Washington: President Donald Trump has signed an executive order on policing amid calls for action against police brutality and racism.
It comes three weeks after the death of George Floyd, a 46-year-old African American man, in police custody in Minneapolis, Minnesota, which has triggered nationwide demonstrations.
The executive order focuses on three areas: credentialing and certifying police officers; boosting information sharing to track officers accused of excessive use of force; and creating co-responder programs on mental health, drug addiction, and homelessness.
It also said police departments must “prohibit the use of chokeholds — a physical maneuver that restricts an individual’s ability to breathe for the purposes of incapacitation — except in those situations where the use of deadly force is allowed by law.”
Trump, speaking at the White House before signing the executive order, stressed that he “strongly” opposes efforts to defund or dismantle police departments, calling the ideas “radical.”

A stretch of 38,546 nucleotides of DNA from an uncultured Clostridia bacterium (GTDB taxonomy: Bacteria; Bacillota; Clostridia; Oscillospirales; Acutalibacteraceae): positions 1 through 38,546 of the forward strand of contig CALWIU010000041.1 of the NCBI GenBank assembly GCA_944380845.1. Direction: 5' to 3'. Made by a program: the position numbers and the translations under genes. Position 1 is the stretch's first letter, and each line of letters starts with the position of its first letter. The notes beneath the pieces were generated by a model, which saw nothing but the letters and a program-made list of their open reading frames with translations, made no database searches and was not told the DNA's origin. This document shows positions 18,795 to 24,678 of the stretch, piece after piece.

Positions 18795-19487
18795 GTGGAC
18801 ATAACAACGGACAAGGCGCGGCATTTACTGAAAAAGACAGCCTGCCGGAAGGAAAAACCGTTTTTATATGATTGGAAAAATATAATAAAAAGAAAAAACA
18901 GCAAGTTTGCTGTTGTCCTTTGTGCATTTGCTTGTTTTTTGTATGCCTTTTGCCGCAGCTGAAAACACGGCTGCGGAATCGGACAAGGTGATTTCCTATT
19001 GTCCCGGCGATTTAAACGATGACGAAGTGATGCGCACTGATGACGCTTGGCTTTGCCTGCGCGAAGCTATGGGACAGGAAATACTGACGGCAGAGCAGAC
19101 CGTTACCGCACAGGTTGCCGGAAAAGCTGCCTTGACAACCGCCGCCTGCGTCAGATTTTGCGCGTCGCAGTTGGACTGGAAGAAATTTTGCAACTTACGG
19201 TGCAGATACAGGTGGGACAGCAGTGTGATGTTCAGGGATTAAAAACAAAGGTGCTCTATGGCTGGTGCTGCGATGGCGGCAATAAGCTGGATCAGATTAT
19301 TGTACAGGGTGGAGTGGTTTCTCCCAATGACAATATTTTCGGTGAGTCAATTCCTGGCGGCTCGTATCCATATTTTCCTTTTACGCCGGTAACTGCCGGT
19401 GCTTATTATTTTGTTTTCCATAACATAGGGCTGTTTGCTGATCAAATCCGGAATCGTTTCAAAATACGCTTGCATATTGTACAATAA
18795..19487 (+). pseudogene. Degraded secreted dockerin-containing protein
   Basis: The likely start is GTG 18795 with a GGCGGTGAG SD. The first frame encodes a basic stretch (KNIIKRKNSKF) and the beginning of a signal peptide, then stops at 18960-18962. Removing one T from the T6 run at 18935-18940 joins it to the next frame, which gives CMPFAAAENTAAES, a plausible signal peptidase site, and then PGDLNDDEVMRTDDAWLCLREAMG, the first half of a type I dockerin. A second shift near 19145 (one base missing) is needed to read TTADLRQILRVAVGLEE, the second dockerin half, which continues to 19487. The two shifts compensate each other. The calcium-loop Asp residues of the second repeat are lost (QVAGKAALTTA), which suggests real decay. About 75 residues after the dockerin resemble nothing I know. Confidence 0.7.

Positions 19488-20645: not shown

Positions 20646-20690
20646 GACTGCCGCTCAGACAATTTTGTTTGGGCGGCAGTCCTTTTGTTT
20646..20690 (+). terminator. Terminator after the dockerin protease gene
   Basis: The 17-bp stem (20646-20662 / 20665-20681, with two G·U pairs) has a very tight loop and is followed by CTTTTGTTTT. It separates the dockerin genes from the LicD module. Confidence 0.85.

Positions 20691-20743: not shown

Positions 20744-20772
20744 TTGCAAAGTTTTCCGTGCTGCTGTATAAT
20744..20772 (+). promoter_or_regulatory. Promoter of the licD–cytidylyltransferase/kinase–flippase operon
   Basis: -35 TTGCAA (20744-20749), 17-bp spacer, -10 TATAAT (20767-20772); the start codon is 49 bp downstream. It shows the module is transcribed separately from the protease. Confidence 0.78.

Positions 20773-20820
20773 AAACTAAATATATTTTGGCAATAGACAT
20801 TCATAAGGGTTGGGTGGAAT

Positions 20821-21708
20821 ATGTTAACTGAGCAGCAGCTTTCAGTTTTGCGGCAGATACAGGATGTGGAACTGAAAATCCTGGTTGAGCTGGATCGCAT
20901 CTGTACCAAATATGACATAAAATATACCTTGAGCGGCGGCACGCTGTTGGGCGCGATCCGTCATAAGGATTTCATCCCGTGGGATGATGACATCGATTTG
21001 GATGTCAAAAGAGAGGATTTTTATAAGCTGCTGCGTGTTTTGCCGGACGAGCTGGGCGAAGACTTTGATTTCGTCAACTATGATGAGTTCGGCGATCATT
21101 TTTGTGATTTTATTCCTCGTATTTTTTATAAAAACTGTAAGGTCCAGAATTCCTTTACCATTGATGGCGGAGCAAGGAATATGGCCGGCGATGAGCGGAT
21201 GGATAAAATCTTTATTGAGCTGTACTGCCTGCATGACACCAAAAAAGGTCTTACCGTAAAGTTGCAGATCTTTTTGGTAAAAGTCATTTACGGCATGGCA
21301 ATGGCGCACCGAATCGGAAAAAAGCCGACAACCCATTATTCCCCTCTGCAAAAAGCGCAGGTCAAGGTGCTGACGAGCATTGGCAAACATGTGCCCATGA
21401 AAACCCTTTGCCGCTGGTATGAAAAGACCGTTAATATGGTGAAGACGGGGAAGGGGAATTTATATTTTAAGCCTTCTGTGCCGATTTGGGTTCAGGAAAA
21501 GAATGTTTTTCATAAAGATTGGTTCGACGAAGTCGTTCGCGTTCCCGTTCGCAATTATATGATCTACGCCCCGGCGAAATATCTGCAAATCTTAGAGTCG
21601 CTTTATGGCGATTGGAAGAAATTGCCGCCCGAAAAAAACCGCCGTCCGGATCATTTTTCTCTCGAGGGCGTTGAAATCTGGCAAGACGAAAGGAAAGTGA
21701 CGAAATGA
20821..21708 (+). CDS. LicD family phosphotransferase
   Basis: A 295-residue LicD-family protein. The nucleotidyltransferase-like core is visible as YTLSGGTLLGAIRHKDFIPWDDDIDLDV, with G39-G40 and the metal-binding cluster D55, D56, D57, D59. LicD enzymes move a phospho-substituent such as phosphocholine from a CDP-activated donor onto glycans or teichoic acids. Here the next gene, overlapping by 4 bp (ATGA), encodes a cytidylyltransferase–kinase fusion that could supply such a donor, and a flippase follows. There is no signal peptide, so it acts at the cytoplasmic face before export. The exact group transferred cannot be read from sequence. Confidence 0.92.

“Without police, there is chaos. Without law, there is anarchy and without safety, there is catastrophe,” he said.
The move from the White House comes alongside separate efforts on Capitol Hill focused on police reforms, the media reported.
Chuck Schumer, the Senate minority leader, said on Tuesday that Trump’s executive order is not enough.
“While the president has finally acknowledged the need for policing reform, one modest executive order will not make up for his years of inflammatory rhetoric and policies designed to roll back the progress made in previous years,” Schumer said in a statement.
Protests in response to Floyd’s death, and more broadly to police violence, spread across the United States and took place in some other countries.